Treasury Issues Regulations implementing the PPP loan application process


On Thursday, April 2, 2020, the Small Business Administration (SBA) issued a rule implementing the Payroll Protection Program (PPP) under the Coronavirus Aid, Relief and Economic Security Act (CARES Act). this regulation becomes effective upon publication in the Federal Register. The SBA has stated that eligible lenders can begin accepting applications from small businesses and sole proprietorships Friday April 3rd and may begin accepting applications from independent contractors and the self-employed April 10, 2020. The SBA has also published a new version of the application form here. Earlier versions should not be used. Notable information about the new rule and application form follows.

The rule confirms that the PPP is first-come, first-served, which presumably means applications will begin processing on April 3 until all funds allocated to the program (which runs through June 30, 2020) are exhausted are.

Businesses are eligible if they have 500 or fewer employees or meet the applicable employee-based size standard for their industry and are either a “small business” subject to the SBA’s affiliation rules unless waived by law, or a tax-exempt, non-profit, or veterans’ organization or a tribal small business, provided that such unit was in operation on February 15, 2020 and had employees or independent contractors as of that date. Each Eligible Borrower may only borrow one PPP Loan.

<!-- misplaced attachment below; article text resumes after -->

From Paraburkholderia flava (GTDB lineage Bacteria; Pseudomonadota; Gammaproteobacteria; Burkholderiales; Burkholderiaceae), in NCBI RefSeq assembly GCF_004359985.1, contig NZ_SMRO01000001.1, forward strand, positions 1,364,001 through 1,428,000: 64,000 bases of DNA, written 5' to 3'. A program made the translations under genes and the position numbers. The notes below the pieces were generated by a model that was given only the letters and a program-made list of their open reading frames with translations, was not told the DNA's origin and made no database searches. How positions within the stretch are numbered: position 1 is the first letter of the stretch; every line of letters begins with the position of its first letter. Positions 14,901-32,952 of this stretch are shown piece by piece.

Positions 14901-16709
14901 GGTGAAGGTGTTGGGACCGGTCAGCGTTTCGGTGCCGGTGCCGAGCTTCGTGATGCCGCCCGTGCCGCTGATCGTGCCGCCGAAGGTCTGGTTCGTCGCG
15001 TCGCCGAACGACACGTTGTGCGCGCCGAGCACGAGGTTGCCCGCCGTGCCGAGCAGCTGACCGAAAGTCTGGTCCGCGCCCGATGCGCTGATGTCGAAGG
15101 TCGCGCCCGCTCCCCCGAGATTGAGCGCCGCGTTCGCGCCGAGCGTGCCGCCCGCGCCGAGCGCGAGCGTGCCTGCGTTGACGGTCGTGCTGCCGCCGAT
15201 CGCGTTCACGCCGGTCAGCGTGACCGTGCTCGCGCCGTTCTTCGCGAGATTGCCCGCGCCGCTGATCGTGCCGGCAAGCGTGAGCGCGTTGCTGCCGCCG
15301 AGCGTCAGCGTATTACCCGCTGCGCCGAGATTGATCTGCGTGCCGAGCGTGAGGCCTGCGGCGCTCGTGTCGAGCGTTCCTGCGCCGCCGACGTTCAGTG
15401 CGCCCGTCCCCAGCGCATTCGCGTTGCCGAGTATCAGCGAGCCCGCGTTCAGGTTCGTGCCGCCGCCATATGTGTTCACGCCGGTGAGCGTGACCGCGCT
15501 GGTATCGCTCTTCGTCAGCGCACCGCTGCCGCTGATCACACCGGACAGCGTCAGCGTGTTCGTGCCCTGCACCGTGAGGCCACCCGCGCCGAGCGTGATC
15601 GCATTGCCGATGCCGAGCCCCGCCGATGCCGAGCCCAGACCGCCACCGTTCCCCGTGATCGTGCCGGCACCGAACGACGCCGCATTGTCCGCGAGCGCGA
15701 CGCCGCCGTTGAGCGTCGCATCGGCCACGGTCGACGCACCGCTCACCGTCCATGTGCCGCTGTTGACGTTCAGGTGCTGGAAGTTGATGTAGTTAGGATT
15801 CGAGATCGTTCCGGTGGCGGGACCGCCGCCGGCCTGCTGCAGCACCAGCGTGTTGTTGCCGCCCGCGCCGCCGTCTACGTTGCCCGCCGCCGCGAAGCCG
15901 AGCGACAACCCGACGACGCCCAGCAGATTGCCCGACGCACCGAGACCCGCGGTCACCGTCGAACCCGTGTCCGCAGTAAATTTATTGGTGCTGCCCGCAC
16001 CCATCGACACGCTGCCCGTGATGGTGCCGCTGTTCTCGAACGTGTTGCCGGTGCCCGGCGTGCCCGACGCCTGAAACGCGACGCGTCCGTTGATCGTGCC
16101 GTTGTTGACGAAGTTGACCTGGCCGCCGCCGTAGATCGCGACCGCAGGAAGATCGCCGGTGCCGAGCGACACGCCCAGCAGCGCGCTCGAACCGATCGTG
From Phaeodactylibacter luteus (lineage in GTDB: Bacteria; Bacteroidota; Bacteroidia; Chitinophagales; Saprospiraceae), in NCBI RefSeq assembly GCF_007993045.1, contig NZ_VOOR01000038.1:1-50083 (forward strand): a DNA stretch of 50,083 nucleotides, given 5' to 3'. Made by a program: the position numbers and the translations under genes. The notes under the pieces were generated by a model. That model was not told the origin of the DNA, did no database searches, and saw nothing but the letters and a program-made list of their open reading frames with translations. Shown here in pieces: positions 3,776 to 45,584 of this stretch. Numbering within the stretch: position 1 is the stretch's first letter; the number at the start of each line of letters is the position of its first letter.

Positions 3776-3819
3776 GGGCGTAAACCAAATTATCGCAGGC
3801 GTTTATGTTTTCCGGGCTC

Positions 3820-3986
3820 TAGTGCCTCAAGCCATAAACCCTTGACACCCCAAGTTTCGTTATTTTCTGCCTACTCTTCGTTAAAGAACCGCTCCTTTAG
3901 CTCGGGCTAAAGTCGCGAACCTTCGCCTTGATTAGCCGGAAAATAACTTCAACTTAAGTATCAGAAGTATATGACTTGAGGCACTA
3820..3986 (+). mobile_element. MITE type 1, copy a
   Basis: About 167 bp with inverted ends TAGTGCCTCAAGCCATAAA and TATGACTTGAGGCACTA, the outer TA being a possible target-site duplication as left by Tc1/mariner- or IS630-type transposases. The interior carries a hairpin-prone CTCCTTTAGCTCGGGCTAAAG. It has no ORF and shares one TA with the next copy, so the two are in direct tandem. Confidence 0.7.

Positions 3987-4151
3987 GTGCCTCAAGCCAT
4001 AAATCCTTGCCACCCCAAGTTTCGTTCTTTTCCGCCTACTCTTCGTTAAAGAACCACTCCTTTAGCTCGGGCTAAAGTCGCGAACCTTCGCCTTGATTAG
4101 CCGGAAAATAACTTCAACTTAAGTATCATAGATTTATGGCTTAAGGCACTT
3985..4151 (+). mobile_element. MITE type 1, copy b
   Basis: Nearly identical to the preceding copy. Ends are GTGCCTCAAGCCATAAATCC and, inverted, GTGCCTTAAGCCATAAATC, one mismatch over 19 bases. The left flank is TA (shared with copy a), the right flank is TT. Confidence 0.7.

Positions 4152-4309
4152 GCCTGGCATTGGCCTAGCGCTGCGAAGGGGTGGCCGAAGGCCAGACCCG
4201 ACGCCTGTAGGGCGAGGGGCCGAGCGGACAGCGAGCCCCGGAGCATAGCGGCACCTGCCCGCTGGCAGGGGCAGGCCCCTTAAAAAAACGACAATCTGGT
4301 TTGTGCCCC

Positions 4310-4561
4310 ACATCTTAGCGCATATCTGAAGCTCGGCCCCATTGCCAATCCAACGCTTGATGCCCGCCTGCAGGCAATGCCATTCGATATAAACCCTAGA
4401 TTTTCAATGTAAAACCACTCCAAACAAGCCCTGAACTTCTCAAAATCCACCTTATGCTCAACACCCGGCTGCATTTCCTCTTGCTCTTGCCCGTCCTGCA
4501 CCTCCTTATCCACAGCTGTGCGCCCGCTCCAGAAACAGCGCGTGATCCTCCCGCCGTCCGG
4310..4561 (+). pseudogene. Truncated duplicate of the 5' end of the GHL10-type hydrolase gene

Under the PPP, the maximum amount of credit available is the lesser of $10 million or an amount calculated using a payroll-based formula established by law. The SBA provided a sample calculation of the maximum eligible loan amount: total labor costs minus any compensation paid to an employee in excess of $100,000 in annual salary to calculate an average monthly payroll multiplied by 2.5 plus any EIDL (Economic Injury Disaster Loan) granted between January 31, 2020 and April 3, 2020, less an advance of $10,000. This example caps the annual salary at $100,000 while allowing other non-salary payrolls above that number per person.

Previous guidance indicated that all federal employee withholding taxes (e.g., FICA) would be excluded from payroll. The rules state that only withholding is excluded from February 15th to June 30th, 2020.